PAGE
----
Debt Recovery is the process of making individuals and businesses pay debts which are overdue, or which are disputed. What can and cannot be done in respect of collecting debts is often misunderstood by both debtors and creditors. Francesca Damario from the Debt Recovery team at Cognitive Law busts some of the most common Debt Recovery myths.
1 You can “put a winding up order” on someone
The insolvency process of winding up a company should be reserved only for the “can’t pay” clients, not applied against the “won’t pay” clients; and it is not appropriate if there is a dispute. The process is a little more prolonged than just “putting a winding up order” on a company, and usually has to be started by service of a Statutory Demand which if unpaid may give you grounds to issue a winding up petition. Only once a petition has been served and advertised can it go before the court and a winding up order applied for. It is neither a quick nor cheap fix to debt recovery.
2 A claim form must be personally served
This may once have been true, but no longer. A company can be served by post at its registered office or head office. An individual can be served by post at their last known address. Since the advent of social media there are many more ways to bring a claim to the defendant’s attention but take care as court permission may be needed first.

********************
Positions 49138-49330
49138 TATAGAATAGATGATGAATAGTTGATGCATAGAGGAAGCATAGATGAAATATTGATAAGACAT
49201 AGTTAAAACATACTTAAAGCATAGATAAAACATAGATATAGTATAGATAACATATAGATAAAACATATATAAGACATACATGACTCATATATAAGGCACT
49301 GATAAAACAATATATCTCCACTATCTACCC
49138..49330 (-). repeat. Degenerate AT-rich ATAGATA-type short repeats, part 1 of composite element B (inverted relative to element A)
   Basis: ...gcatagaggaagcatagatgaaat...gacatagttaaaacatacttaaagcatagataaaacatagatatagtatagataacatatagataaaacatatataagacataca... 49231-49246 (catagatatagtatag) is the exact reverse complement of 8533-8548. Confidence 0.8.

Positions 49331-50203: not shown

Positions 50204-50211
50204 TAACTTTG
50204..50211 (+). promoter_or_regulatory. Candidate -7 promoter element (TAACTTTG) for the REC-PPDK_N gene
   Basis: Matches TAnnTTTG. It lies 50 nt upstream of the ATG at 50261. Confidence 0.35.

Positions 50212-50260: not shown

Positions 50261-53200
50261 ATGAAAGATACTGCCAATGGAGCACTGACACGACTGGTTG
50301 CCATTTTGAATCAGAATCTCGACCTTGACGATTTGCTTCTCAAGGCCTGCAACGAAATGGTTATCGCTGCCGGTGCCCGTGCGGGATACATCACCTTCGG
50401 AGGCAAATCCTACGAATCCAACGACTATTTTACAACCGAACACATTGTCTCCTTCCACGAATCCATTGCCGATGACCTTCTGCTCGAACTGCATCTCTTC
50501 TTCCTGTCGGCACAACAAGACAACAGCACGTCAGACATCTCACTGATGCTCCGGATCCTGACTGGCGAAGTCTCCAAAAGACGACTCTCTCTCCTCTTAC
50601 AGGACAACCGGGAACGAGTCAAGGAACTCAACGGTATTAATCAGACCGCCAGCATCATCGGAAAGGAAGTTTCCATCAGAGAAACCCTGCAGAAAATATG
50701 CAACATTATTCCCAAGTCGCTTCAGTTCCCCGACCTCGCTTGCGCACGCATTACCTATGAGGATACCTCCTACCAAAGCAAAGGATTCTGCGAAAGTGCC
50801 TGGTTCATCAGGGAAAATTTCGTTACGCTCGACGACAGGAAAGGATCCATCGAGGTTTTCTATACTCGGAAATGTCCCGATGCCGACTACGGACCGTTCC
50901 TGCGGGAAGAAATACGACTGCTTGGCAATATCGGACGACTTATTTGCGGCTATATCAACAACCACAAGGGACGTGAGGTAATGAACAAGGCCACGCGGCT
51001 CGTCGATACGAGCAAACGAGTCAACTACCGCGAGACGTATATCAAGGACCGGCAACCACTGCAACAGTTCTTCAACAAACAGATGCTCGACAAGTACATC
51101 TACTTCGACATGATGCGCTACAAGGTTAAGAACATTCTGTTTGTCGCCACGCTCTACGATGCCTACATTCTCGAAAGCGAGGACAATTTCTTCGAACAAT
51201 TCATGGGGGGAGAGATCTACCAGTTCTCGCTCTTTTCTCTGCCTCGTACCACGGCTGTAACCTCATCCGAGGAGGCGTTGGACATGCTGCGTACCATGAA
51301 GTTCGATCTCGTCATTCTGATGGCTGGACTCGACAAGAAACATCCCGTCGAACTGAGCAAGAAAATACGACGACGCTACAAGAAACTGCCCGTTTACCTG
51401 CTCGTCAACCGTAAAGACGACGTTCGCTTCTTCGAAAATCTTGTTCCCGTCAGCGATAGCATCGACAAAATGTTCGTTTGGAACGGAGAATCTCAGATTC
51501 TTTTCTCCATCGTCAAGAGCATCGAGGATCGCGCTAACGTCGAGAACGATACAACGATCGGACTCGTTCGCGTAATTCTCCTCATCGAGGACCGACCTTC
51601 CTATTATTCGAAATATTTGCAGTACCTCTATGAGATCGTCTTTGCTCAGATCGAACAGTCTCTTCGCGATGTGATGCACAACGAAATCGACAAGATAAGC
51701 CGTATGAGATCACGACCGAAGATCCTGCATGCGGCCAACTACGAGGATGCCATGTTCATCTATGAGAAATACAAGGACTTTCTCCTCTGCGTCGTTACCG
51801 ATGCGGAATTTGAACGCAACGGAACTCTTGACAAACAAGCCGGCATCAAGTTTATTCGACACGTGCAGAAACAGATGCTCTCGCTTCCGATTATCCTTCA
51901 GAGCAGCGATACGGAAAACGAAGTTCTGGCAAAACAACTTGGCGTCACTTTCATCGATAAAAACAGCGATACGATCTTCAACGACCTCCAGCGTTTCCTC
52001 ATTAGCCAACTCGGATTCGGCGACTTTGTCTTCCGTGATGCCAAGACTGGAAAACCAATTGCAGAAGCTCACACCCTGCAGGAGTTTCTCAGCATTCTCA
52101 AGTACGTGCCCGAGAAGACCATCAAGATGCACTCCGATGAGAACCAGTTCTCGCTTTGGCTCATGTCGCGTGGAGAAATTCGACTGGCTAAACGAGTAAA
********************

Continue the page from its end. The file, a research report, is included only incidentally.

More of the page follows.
3 A person is only liable to pay their “share” of a jointly and severally liable debt
It is understandable to assume that if a debt is owed jointly by two or more people it can be equally shared amongst the business partners. However all parties are liable for the whole debt until it is paid in full – not just their share. The creditor is not concerned about the arrangements the debtors have between them to pay the debt.
4 A creditor must accept any offer of repayment made
A debtor may claim that as they cannot afford to repay the full debt, a court will be order them to pay less than the amount they owe to the creditor. Whilst a debtor can file paperwork at Court advising of their poor financial situation, it will not affect whether they are liable or not. Unless you want to make a commercial decision to take a lesser sum early, you do not have to accept low offers.
5 All contracts or agreements have to be in writing
You may think the absence of a contract or signed agreement is a get out of jail free card, but not having a written document does not negate the debt. A written document could of course make the debt collection a little easier; however, there are only limited circumstances where there is a formal legal requirement for there to be a written contract to render it enforceable.
If you require assistance in collecting unpaid debts please contact a member of our Debt Recovery team on 0333 400 4499.